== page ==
How It’s Always Been Doesn’t Make It Right

While many learning institutions have guidance in the form of peer and professional assistants, they are generally not as hands-on as parents. Part of this is because of the sheer number of students assigned to every resident assistant and professor advisor. Part is because of avoidance.

Some colleges and universities have begun to adopt preventative measures and counseling services for students that find themselves or a friend nursing a substance use problem. However, a disproportionate number of alumni, professors, deans, and board members choose to turn a blind eye to the problem of substance abuse. “That’s just how it is” is used as an excuse for the students’ destructive behaviors.

Alcohol use especially is a communal problem, as there are destructive behaviors associated with drunkenness. Rape, fights, vandalism, drunk driving, and blackouts are just some of the effects caused by too much alcohol. Injuries, alcohol poisoning, and even death (or causing the death of another, particularly in the case of driving while intoxicated) can be a result. All of these things will affect people for years, if not haunt them the rest of their lives.

Many colleges and universities are hesitant to put limits or set restrictions for on-campus alcohol use, especially in the case of fraternities and sororities – where some of the largest number of drinking incidents occur. It is also a challenge for administrators to enforce regulations, as they perceive their main job as accumulating money and donations for financing the institution.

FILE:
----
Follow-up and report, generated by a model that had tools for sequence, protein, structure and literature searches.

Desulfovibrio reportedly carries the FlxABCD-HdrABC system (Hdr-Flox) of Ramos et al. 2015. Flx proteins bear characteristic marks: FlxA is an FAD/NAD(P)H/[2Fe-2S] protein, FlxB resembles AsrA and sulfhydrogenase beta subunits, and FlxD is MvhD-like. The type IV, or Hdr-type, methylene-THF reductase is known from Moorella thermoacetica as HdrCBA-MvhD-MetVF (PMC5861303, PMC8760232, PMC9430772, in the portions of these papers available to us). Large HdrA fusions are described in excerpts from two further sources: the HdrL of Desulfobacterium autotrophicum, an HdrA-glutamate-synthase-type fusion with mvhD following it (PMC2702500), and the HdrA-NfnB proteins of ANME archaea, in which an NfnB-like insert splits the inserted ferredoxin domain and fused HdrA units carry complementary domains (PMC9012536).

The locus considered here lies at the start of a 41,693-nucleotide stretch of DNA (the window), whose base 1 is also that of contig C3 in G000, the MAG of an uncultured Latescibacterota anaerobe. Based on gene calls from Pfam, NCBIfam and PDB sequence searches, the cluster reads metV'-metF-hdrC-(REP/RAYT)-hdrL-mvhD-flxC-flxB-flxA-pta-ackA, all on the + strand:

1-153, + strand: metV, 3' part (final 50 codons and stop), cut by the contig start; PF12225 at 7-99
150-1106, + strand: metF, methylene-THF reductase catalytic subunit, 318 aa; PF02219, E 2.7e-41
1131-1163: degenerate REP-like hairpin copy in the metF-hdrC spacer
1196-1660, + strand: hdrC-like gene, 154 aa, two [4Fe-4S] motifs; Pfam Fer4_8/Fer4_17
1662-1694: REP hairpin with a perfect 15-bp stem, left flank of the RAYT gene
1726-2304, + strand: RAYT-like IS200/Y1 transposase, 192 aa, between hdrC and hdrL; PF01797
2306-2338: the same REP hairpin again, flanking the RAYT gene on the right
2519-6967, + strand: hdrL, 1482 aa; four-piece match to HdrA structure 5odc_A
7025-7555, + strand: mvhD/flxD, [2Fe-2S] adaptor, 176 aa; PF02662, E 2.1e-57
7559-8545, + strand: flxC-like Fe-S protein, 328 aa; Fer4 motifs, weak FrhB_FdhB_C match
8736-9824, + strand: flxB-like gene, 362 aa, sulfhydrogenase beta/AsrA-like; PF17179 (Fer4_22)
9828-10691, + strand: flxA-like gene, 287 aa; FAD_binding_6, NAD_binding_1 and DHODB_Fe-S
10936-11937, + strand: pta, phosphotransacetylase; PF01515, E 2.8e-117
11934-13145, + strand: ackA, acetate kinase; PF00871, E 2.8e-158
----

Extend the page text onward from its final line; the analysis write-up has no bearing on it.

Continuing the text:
Professors have classes to teach on top of attempts to derail students’ poor decisions. RAs have their own coursework to study for while still being available as a peer counselor for their assigned students.

Be the Voice of Reason

Never be afraid of speaking up when you see something happening that could end in a dangerous situation. Telling a friend they’ve probably had enough to drink might make them angry at you in that moment, but they will likely thank you in the morning when they aren’t suffering hangover effects like others. Taking away someone’s keys so they can’t hurt themselves or anyone else when they’ve overindulged – or offering to drive them home – could save lives.

There are many resources for students who want to help their peers battle alcoholism or addiction. If there isn’t yet an organized group committed to this cause, discuss how to start one with faculty and administration.

Getting the Help You Need to Stay Sober

If you’re struggling with drug or alcohol addiction, know that you’re not alone. There doesn’t need to be shame in seeking help to overcome something difficult. If you think you may have a problem with substance use, there are ways to get the help needed to find recovery! At St. Gregory Recovery Center, trained counselors can help you develop the skills you need to enjoy a sober future.

To learn more about programs offered at St. Gregory Recovery Center, call and speak with someone today, at (888) 778-5833.